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Monday, July 18, 2011

Monday Discussion: The Brave New World of Spy Fiction

I have been working on the August display of spy fiction.  Compiling the list has been a great experience.  I mostly used NoveList to identity adult fiction "spy stories," and then cross-checked the suggestions against our catalog.  Throughout the process, I was pleasantly surprised not only by how many of the spy series we owned, but also by how popular they are with our readers.

Those of us 30 and older, tend to associate spy fiction with the cold war.  While there are tons of books still coming out set during the golden spy era of  the cold war, there is also a new a vibrant selection of spy fiction for the 21st century.

In fact, it is these series of "not your father's spy fiction" that I will be focusing on for my annotated list to go with the display.  It will go live on 8/3.

But before that, I feel inspired to share some of the newer spy series for today's Monday Discussion.

The man who was the first to revive the dying spy genre was Daniel Silva with his art restorer/ex-Mossad agent Garbriel Allon.  With the reluctant and traumatized ex-assassin hunting another assassin storyline, of the first book in the series, The Kill Artist, readers were drawn in to a new kind of spy series; one that Silva has keep strong, book after, best selling book.  Allon is a conflicted killer who is interesting and brilliant.  Silva has brought what used to be the untouchable, superhuman spy back down to a fragile, fallible, human level.  These are great books for any reader, spy fiction fan or not.

Last year I also read Once a Spy by Keith Thomson.  Here, an aging CIA agent is in the beginning stages of Alzheimer's, and some other agents are out to assassinate him before he inadvertently spills government secrets.  Click here for my full report.  A second book in the series was just released this year.

I am also intrigued by Barry' Eisler's Rain series which follows a half Japanese, half American spy,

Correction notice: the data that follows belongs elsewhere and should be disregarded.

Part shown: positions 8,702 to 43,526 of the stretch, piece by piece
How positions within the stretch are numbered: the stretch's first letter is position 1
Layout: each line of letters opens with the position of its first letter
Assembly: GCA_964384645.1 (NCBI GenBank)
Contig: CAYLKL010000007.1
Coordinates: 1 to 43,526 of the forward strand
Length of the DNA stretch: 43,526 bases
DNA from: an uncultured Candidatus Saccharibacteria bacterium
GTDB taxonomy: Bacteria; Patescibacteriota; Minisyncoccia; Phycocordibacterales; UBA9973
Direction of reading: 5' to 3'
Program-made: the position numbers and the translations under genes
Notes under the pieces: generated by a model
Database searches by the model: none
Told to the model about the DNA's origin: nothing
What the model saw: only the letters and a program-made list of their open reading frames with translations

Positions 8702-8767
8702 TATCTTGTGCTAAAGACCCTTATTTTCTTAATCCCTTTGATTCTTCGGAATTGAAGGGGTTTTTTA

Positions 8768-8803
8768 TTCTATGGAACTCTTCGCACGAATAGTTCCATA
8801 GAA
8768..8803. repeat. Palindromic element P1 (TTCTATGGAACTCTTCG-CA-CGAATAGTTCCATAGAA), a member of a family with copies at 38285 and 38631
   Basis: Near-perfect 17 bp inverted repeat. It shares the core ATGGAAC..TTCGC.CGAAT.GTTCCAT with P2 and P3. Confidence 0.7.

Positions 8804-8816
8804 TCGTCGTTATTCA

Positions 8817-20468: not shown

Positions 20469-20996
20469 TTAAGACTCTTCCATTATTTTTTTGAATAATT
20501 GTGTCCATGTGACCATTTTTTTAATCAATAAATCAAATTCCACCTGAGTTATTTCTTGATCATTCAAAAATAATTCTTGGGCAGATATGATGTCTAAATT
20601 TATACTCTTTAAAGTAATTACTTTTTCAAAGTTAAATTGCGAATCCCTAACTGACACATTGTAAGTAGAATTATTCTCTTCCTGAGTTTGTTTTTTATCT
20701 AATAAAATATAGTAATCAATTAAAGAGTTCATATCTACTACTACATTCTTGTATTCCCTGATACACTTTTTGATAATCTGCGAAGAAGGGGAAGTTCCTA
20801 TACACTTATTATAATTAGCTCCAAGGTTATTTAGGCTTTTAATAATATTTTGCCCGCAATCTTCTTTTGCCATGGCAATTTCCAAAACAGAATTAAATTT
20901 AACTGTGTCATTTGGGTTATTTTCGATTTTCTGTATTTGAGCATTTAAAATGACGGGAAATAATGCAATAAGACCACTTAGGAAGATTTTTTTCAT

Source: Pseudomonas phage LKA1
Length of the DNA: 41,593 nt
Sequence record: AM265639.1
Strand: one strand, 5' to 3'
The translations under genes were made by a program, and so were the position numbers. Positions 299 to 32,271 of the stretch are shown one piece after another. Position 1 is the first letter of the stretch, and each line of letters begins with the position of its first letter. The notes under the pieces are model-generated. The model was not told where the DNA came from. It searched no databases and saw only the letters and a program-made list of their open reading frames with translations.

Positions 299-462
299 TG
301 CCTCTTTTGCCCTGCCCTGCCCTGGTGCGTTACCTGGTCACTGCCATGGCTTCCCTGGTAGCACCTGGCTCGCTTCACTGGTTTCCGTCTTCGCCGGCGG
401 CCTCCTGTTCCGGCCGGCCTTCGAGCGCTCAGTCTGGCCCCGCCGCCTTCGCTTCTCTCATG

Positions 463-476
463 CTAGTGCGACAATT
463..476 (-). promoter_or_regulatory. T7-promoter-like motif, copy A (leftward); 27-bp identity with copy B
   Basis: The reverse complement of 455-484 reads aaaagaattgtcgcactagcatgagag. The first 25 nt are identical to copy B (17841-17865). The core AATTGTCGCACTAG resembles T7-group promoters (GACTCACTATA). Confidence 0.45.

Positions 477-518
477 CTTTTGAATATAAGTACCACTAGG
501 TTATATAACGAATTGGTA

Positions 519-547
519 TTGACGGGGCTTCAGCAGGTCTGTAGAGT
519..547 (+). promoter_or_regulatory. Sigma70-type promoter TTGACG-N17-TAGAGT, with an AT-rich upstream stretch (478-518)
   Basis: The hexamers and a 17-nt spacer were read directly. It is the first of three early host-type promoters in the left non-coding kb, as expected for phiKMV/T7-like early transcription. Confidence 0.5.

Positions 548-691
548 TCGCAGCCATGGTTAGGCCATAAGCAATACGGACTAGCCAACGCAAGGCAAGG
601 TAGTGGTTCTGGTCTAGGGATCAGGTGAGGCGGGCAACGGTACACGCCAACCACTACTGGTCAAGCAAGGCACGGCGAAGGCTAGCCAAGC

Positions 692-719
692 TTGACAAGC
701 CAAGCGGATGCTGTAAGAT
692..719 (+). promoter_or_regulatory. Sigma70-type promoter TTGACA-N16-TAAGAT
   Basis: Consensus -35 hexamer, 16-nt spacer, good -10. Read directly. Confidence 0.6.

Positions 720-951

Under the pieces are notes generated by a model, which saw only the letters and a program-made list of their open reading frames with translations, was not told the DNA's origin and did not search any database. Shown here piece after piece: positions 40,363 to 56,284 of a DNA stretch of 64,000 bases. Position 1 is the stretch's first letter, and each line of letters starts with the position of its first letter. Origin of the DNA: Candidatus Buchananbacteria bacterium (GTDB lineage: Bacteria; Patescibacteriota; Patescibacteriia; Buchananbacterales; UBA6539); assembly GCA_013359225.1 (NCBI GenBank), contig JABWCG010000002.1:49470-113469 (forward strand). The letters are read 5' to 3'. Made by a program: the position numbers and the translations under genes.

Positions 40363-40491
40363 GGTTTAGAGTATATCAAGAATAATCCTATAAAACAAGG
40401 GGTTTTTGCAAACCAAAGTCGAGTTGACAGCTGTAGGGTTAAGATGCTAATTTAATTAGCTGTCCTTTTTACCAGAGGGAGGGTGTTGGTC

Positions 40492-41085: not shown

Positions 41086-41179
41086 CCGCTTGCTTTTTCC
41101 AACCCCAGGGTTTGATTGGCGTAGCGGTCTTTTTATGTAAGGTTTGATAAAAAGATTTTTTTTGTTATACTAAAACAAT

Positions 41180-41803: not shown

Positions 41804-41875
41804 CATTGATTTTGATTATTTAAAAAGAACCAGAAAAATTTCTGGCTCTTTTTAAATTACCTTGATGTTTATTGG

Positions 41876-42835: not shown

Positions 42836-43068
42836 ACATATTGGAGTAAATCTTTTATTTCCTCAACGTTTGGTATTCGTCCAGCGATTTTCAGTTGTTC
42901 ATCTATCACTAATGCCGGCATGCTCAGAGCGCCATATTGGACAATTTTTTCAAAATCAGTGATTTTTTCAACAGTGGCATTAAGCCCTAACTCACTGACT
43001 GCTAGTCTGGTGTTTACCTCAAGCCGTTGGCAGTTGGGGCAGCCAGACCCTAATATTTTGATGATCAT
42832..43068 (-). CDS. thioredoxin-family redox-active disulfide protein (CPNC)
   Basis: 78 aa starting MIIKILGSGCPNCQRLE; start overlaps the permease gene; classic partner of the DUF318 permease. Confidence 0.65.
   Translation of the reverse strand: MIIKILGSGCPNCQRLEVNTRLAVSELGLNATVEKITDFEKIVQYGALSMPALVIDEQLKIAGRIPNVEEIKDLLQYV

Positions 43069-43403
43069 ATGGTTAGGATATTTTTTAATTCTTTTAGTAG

Olen Steinhauer's Milo Weaver trilogy which begins with The Tourist as Weaver, a Black-Ops CIA agent post-pones his suicide for one more case, and Brett Battles' Jonathan Quinn series which features a freelance, professional "cleaner" who specializes in disposing of bodies and tying up loose ends.

Of course, even with all of these new spies the old classics like Ludlum, Le Carre, and the James Bond books both old and new are still a great read for a wide audience.
So for today's Monday Discussion, tell me about a spy book you enjoy.  Don't forget you can include any memoirs or biographies of real life spies if you want.

Click here for the Monday Discussion archive.


John BPL RA said...

The Day of the Jackal by Frederick Forsyth is my favorite of all time. The title character concealed his identity so well that even in death he remains unknown. Not only is it intelligently written and mentally complex (unlike many spy novels) but it offers heavy philosophical commentary on the concepts of identity and human existence.

Mike said...


The Spy Who Came in From the
Cold by John Le Carre is my
favorite. To me, it ushered
in a new era in spy fiction.
Unlike the stylish, glamorous
James Bond series, Le Carre
depicted a world of espionage
that was gritty, lonely, ugly
and realistic in its simple,
direct approach to what the
world of spies really is. The
film of the book is also a